Put the magnifying glass on a higher resolution and narrow the scope to simply this little tide pool. Nearly every time the water washes in and out the entire ecosystem of the pool appears to change. New life brought in, residents who’d perhaps been there awhile or maybe even just taken hold carried away. Perhaps the only truly permanent fixtures being the lava rocks that bank it and the sea slugs that lay a little more solid for their weight. From the perspective of the tide pool the world is in constant movement from chaos to short-lived order to chaos again. Sometimes, at low tide, there is a protracted period of calm. But even peacetime carries with it it’s own set of threats and upsets. From the perspective of the tide pool, change and movement is incredibly obvious. Turmoil is the natural order of things.

Earth is such a pretty word (I say it in my head and under my breath – air-tha’). I think of all the names men might have given this planet and Earth is a perfectly fine choice, but I don’t think it would have been mine. And while I think about such lofty things as naming the planet, I’m really most thrilled to notice today that my toenails have grown back (a trouble likely due to poor-fitting hiking boots.) Because my toenails, why those are part of the tide pool that is me. My beliefs, those would be something of the lava rock that banks it. Ed, Cassie and a host of others, they would likely be my sea cucumbers. (The funny thing is that when you poke at a sea cucumber they dispel everything from their stomachs. Heh.) Secret Agent Dog, maybe she’s something like a barnacle, sticking to my beliefs.

08 May 2002


We found another avocado on the floor of the rental car today. It seems that every time we go out another avocado shows up on the floor. What’s with this car and avocados? Ed commented. I assumed it was a rhetorical question.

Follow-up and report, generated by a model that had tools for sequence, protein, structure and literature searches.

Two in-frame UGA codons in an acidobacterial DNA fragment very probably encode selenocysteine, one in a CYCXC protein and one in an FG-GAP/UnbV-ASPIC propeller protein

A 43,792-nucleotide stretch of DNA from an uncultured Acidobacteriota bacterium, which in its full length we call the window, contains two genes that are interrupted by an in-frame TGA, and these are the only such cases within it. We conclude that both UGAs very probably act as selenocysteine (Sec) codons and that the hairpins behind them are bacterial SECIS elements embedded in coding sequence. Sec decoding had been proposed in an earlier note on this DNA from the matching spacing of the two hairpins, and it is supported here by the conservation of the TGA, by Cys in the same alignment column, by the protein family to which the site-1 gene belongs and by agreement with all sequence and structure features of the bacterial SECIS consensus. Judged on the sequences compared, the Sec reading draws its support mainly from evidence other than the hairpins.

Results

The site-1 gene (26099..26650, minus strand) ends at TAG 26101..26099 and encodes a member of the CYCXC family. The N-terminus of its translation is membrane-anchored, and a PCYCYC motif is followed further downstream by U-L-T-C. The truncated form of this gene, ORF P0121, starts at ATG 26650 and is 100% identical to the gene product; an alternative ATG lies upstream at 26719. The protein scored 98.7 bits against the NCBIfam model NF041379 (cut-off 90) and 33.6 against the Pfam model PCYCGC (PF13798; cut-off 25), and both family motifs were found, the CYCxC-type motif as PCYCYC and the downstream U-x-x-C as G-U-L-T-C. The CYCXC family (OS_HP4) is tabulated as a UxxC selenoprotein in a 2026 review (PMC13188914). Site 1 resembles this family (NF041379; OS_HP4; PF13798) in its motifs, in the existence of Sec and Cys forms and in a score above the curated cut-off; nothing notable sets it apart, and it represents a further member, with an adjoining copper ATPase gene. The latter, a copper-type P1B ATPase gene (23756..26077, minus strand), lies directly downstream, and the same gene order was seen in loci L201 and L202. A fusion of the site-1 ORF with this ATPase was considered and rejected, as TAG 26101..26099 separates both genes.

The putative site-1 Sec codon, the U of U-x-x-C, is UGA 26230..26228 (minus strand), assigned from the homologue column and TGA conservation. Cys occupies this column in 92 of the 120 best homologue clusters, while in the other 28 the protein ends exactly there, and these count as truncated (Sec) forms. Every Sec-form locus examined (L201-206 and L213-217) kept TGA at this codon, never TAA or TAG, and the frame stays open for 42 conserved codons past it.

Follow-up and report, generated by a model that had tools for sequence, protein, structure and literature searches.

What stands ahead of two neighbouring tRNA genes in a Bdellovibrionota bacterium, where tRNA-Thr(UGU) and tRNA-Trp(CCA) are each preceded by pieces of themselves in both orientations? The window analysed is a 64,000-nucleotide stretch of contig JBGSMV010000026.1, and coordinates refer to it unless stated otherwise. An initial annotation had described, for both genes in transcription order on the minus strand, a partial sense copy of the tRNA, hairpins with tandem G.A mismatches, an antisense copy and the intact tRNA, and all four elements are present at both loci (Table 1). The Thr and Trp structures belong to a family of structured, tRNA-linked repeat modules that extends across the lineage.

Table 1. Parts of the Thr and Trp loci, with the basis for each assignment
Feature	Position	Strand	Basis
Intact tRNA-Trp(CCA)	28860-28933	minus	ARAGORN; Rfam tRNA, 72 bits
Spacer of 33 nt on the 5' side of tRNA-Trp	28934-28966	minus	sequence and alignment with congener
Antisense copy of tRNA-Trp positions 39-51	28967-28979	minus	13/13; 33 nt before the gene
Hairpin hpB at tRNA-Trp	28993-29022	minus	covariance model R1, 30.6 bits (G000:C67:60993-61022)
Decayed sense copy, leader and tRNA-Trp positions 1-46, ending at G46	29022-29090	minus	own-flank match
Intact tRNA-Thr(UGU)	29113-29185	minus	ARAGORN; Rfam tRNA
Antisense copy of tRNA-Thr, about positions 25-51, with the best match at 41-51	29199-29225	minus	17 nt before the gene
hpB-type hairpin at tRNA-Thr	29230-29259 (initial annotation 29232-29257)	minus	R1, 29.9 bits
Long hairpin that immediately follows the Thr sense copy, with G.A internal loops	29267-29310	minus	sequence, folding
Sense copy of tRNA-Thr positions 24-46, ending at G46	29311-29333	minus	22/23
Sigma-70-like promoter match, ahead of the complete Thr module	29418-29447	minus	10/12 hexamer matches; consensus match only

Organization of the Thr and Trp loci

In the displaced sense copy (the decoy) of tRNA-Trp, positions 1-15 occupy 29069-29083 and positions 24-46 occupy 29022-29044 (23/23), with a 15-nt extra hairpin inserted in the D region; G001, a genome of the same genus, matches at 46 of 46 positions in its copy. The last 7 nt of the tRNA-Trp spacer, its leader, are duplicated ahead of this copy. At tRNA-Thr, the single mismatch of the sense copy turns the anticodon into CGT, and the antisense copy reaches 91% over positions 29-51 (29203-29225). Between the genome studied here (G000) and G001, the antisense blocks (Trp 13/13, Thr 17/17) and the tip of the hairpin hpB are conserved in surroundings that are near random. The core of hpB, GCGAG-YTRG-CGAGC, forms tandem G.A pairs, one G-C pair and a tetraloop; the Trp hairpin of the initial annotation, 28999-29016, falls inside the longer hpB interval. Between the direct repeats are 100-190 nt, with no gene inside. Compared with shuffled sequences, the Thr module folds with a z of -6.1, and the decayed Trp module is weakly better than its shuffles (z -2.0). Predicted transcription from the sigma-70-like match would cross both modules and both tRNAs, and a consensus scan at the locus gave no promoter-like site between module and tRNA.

07 May 2002


Ed lays soundly asleep beneath a drapery of mosquito netting, his head at the foot of a brilliant stained glass pictorial of a Polynesian fishing village. The wind is warm and forgiving.

For some reason a pull quote on the front page of a Sunday Magazine section of an old San Francisco Chronicle keeps popping into my head. I did bad things for love. That was Vietnam. I did bad things because of love. That was Kate. I could be misquoting it a little, it was something like that. The words, when I read them, felt so clean, simple, easy, liberating and full of redemption. They didn’t ask for anything. They didn’t take anything back. They felt infinitely enough. Of course words alone are not enough. There had to have been a huge, painful and creative process that proceeded those words, like the perfect sentence finally and yet never arrived upon in Camus’ The Plague. And there had to be an equally huge, though infinitely less painful and extremely patient process that followed those words. But to arrive even there, at those few short sentences – that seemed to me to be the dancer’s toes.

I have never been the smart one. When I was a kid I was merely the youngest one or the last one. Somehow I knew I was incredibly average and with that came to believe that average had it’s advantages – there are tremendously few expectations.